By John Holl
One way a small business can grow successfully is by using any means necessary—no matter how unconventional—to get a job done. So it was that Cape Cod Beer began delivering its beer out of the back of the family minivan.
The Chevy Venture did not fare well as a delivery vehicle.
“By the time we got rid of that, the back end and molding was just hammered by kegs,” says Beth Marcus, the business manager of the small brewery in Hyannis, who started the business with her husband Todd in 2004. The minivan was replaced with a GMC Savannah 3500 cargo van, which turned out to be more appropriate for special events—for which the company still uses it today.
Then came a pre-owned 18-foot box, which ultimately was deemed “too big,” So when the growing company could afford it – it bought new.
Its first new truck was a Mitsubishi Fuso FE180 with 14-foot box. The delivery staff loved the truck, with its automatic transmission and smaller box, but as the company expanded they learned that even with a 14-foot box they were still challenged by the super narrow and crowded streets of Provincetown and Woods Hole, two of the larger tourist spots on the Cape. It was manageable, just not ideal.
So Cape Cod worked with its local Mitsubishi dealer to design and procure a new Fuso FE160 with 14-foot custom box that was 1-foot narrower than other models. The company also reversed the mirrors on the new truck so that they would be “inboard” of the mounts instead. That truck made the Provincetown and Woods Hole routes that much easier. So much so that at the end of 2012 it rounded out its fleet with a third Fuso FE 125 with 10-foot custom box, also narrower and with mirror mods like their FE160. All together these three Fuso box trucks deliver most of the roughly 5,000 barrels of beer produced by Cape Cod Beer each year.
In 2011, Cape Cod purchased the first of three Ford Transit Connects, a vehicle that met its needs as a sales vehicle and can deliver small loads without a problem. Given the seasonal nature of its business there are often “out of beer” emergency deliveries in the summer and small loads in the winter months. “It’s like driving a fishbowl,” says Beth. “There are not a lot of blind spots, and inside cases and kegs line up nicely. It’s the right truck for the right job.”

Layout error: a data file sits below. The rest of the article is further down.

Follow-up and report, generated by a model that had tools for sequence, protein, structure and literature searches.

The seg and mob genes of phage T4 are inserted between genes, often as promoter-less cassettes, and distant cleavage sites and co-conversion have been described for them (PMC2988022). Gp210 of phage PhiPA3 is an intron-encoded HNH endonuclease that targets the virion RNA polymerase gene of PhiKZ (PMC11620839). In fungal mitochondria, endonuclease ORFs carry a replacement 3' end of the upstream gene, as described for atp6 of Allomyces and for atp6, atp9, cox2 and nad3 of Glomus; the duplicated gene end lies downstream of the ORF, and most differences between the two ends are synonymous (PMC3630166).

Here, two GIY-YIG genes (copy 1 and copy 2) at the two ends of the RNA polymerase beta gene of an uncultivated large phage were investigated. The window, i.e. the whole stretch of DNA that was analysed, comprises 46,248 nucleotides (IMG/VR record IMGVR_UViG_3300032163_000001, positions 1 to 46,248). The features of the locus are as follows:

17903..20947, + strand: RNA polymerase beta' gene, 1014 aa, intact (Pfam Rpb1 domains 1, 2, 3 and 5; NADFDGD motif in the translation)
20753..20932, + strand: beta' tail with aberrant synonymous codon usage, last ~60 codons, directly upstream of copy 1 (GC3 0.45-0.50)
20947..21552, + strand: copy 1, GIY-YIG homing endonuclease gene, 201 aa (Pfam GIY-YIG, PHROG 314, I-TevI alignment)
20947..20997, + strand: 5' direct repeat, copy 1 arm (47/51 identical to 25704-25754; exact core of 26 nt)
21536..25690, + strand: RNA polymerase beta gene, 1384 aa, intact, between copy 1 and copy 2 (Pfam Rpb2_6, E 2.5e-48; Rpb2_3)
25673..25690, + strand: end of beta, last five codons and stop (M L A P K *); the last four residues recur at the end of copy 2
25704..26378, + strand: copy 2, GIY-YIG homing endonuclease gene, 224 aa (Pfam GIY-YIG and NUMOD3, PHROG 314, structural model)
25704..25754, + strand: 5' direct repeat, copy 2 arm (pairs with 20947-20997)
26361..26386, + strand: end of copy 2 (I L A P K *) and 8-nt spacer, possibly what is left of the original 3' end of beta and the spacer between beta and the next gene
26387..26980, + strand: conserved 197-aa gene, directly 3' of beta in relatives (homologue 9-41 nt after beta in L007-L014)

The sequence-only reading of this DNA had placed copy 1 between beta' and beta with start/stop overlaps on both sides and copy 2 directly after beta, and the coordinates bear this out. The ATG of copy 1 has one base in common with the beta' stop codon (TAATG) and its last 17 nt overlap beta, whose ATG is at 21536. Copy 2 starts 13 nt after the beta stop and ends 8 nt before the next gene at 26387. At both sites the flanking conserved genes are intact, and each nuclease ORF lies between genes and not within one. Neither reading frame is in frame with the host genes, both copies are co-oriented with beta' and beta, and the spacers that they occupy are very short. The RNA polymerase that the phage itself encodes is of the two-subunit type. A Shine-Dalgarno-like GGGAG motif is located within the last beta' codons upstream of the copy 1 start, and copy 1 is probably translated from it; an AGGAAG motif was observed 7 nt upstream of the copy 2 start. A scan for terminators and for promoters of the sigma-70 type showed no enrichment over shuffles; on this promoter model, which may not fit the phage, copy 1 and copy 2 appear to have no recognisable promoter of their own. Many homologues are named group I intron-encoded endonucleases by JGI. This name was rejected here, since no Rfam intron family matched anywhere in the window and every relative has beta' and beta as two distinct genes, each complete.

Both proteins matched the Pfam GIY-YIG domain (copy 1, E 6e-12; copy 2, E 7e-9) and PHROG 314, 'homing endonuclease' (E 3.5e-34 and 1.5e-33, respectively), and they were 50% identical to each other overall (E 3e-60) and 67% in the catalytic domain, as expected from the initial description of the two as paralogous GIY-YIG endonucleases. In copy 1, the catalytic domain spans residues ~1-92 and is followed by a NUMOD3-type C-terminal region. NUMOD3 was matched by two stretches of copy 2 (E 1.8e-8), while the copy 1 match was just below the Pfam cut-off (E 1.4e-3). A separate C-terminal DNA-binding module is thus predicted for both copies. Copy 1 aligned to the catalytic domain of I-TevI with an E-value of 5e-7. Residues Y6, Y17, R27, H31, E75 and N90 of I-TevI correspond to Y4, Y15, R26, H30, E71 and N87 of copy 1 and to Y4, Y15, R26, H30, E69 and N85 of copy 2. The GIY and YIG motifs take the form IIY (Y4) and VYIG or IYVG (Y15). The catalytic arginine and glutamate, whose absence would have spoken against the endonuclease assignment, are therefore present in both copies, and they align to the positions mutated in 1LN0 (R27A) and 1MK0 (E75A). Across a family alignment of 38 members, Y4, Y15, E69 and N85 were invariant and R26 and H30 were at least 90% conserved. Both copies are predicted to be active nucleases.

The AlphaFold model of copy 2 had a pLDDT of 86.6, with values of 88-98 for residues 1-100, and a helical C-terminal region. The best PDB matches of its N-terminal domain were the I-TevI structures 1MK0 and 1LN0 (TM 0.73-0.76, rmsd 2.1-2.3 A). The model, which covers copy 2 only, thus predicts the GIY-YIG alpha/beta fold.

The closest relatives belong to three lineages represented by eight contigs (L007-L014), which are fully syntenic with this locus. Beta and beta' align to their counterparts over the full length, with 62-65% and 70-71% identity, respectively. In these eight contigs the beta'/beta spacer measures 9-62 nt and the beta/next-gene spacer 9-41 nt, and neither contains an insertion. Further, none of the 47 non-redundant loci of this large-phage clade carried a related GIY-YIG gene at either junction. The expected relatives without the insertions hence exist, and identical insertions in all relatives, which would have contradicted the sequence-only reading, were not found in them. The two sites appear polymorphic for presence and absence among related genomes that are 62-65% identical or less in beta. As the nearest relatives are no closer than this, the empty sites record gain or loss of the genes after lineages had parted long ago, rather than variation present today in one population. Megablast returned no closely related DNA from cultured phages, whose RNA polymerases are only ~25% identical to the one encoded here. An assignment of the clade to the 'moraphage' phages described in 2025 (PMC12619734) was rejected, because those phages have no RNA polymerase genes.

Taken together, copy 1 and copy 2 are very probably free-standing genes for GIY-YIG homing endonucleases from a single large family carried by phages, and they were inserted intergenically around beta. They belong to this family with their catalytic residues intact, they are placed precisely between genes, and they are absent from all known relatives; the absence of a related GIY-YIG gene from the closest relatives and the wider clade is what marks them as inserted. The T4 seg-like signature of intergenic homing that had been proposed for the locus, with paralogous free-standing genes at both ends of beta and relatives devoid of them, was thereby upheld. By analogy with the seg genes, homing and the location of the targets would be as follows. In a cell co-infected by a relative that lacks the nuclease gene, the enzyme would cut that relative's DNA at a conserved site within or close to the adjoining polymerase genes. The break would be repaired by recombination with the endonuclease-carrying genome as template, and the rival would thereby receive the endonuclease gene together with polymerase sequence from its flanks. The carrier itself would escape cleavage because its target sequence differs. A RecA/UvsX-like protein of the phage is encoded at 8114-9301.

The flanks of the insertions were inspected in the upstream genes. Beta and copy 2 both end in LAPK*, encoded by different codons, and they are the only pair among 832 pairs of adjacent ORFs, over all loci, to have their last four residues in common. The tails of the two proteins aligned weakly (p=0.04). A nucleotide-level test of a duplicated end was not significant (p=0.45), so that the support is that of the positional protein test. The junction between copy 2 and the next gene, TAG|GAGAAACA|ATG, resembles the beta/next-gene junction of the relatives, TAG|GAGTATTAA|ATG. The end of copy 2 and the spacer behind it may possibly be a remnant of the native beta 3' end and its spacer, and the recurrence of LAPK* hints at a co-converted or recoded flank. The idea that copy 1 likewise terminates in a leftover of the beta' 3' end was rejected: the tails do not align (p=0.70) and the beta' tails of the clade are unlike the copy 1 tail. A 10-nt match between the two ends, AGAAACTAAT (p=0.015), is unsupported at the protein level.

Fleet management for microbreweries is often a mix of buying what you can afford and knowledge gained from trial-and-error. Like so many small businesses, Beth and Todd needed to look at their area, examine the roads, and add vehicles to their fleet that made sense for efficiency and the future. Thei company distributes to about 500 customers within a 50-mile radius of the brewery, so fuel economy was an important factor as well. Being automatic, anyone in the brewery can quickly jump behind the wheel to make a quick delivery.
The team installed cages inside each sales vehicle to separate the driver from the cargo and did wrap-around branding on each of the Fords (affectionately referred to as Trannys at the brewery) making the brewery more visible while on the road.
When making decisions on the fleet, the Marcuses needed to factor in the seasonality of their business. As a travel destination, the brewery does most of its business during the summer months. Beth says that business will drop off by 50 percent on Sept. 1 each year and then another 25 percent just after Columbus Day. Depending on the weather, orders can pick up in the early spring, or later. The Fords mean that they can be flexible with deliveries and respond quickly to incoming orders. Cape Cod also has employed a route-scheduling program – bMobile by Software Outfitters. It maps out routes using only right hand turns, and it is able to collapse routes depending on the season.
“It helps us figure out what might be two days worth of deliveries during the summer, into one day in the winter,” Beth says.
Now that Cape Cod Beer is on more firm footing with its fleet, Beth says the company has been able to use them to raise awareness about the brewery. The brewery successfully uses social media to promote its brand, talking not only about beer and events, but other businesses on the Cape and scenes of everyday life. They have been wildly successful with this interactive campaign. Beth decided to launch a contest last summer that would award “points” to people who snapped pictures of a Cape Cod Beer vehicle in action. Two points if they got a picture of an employee with the truck. Points meant having a name in a bucket, and every few weeks the brewery would raffle off a beach bag full of prizes. Beth says that one morning she and Todd were headed to an event around 7 a.m. in a company vehicle and were at a light when a guy came running out of his house with a camera in one hand and a cup of coffee in the other. He wanted those points.
After a time of figuring out what would work best Cape Cod Beer has hit its stride and the perfect way for it to get beer where it’s needed with relative ease and a lot of free advertising.